How cohesive is Taiwanese society?

It’s well known that Taiwanese nationalism is weak and some here have scoffed at the idea that Taiwan’s world-leading Covid response was due to a greater willingness to sacrifice for the greater good. This isn’t just expat venting–Fukuyama has noted that Confucianism holds filial piety (孝) as cardinal virtue number one, with the consequence being a lack of trust outside the family. This deficit, Fukuyama argued, leads to businesses in Chinese-speaking societies never becoming very big, because families are reluctant to relinquish control, hence they retain at least 25% stake in whatever family business they own. At least one Forumosan has experienced this unwillingness firsthand.

In contrast, Japanese Confucianism demoted filial piety into the teens in importance and made loyalty (忠) the supreme virtue. Consequently, Japan is a collective society with huge corporations. Paradoxically, this has also made Japanese into stingy givers because almsgiving is considered showboating.

Whenever the Taiwanese government says, “There’s covid outside, stay home” or “buy Lithuanian chocolate,” the people fall in line.

Furthermore, I heard it said here that Taiwanese are lifelong friends with people they went to school with, which means people don’t go bowling alone.

This could be true. My son has life long friendships with people he went to school with in Taiwan, both in Alishan and also at the American School in Taichung. I’m friends with people I taught when they were children who are now adults.

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The mafias in Taiwan emphasize on loyalty more than filial piety. I mean filial piety probably isn’t the number one concern when someone enters the rank of entry level mafia. Not exactly sure how that automatically means larger businesses.

I’m also not sure what these things have to do with social cohesion.

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This kind of reductive analysis serves no purpose, especially not in an advanced modern society. Taiwan and China are both home to some massive companies most of which are not family businesses unlike Zaibatsu in Japan and the Chaebol in Korea. This is all because of economic policies. Also why are we singling out just four countries? There are more countries out there, and a proper analysis would take a lot more of them into account.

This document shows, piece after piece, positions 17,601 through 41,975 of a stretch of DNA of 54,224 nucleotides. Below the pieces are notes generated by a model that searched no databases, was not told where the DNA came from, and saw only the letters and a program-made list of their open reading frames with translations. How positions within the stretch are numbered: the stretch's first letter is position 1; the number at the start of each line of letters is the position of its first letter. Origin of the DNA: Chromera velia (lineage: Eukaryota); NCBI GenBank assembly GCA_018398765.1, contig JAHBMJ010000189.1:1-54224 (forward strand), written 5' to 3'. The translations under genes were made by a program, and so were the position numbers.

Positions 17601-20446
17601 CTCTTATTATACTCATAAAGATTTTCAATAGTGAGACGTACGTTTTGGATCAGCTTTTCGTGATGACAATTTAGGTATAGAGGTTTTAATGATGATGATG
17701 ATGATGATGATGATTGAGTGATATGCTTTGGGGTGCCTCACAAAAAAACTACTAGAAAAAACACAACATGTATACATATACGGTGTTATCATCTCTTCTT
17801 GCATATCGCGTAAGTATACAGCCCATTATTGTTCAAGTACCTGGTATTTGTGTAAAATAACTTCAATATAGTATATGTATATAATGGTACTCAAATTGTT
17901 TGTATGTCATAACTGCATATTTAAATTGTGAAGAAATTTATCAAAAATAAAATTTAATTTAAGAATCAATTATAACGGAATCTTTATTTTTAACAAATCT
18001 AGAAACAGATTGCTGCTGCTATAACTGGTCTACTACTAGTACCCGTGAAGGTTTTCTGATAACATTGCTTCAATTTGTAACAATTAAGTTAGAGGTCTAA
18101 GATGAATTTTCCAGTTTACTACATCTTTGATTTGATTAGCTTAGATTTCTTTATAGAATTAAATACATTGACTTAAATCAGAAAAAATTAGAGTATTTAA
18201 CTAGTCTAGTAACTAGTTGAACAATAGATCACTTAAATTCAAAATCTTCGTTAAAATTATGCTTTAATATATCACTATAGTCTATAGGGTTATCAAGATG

According to Fukuyama, mafias run the show in countries like Russia where you don’t trust your own family or strangers.

Zaibatsu are not family-run.

Taiwan has big businesses now (his book Trust was written in 1996) but not before. And many of the largest businesses (TSMC, UMC, Mediatek) were originally government-owned.

There are still cultural barriers preventing companies from getting big.

His analysis includes USA, Japan, Germany, Chinese societies, Korea, France, and Italy.

I honestly think countries without a tradition of family businesses just have policies making investmenting to be more profitable and lets rich people get out of more taxes than managing their own corporation.

What do you think the purpose of a business is?

Taiwan’s filial piety really only allows cute and tiny semiconductor companies, while there is the huge JSMC dominating the world’s chip production market due to different interpretation of Confucius.

Did I get it right?

We didn’t have massive comlanies before for very real reasons outside of piety. No? 1996 was just getting out of martial law. Taiwan had a long history of a China a like government. It was a complete shit show before with very real horrible human beings commiting tyranny on their people. So it’s no wonder only now we have expanded to this level of quality we see today. frankly, it still remains quite amazing how fast taiwan did it. Not that i am denying government interference/investment/corruption/etc to help things slide along faster. But Taiwan has been turning the corners faster than most. Now we are entering an Era of more human rights, personal freedoms etc. This is great. This will also likely cause some strain on economy, as it does everywhere, including Japan a couple decades ago… It’s a natural evolution. But taiwans small size, overpopulated reality and strategic position (both geographic and technilogical) makes it a no brianer for quick evolutions so long as no one goes and starts murdering and genociding people. Or selling off our best tech as protection money…

Literally the definition. They just got out of the controlling families hands after centuries and losing WWII. Many are still family-run including Toyota.

Well, Morris is also an American. Although, Jansen Huang’s children are both working at Nvidia, so…

I guess it all comes down to each individual’s decision. Like the Trump business seems like its all kept within the family, while Trump demands absolute loyalty from those not within his family, but often toss them aside when it’s convenient to do so.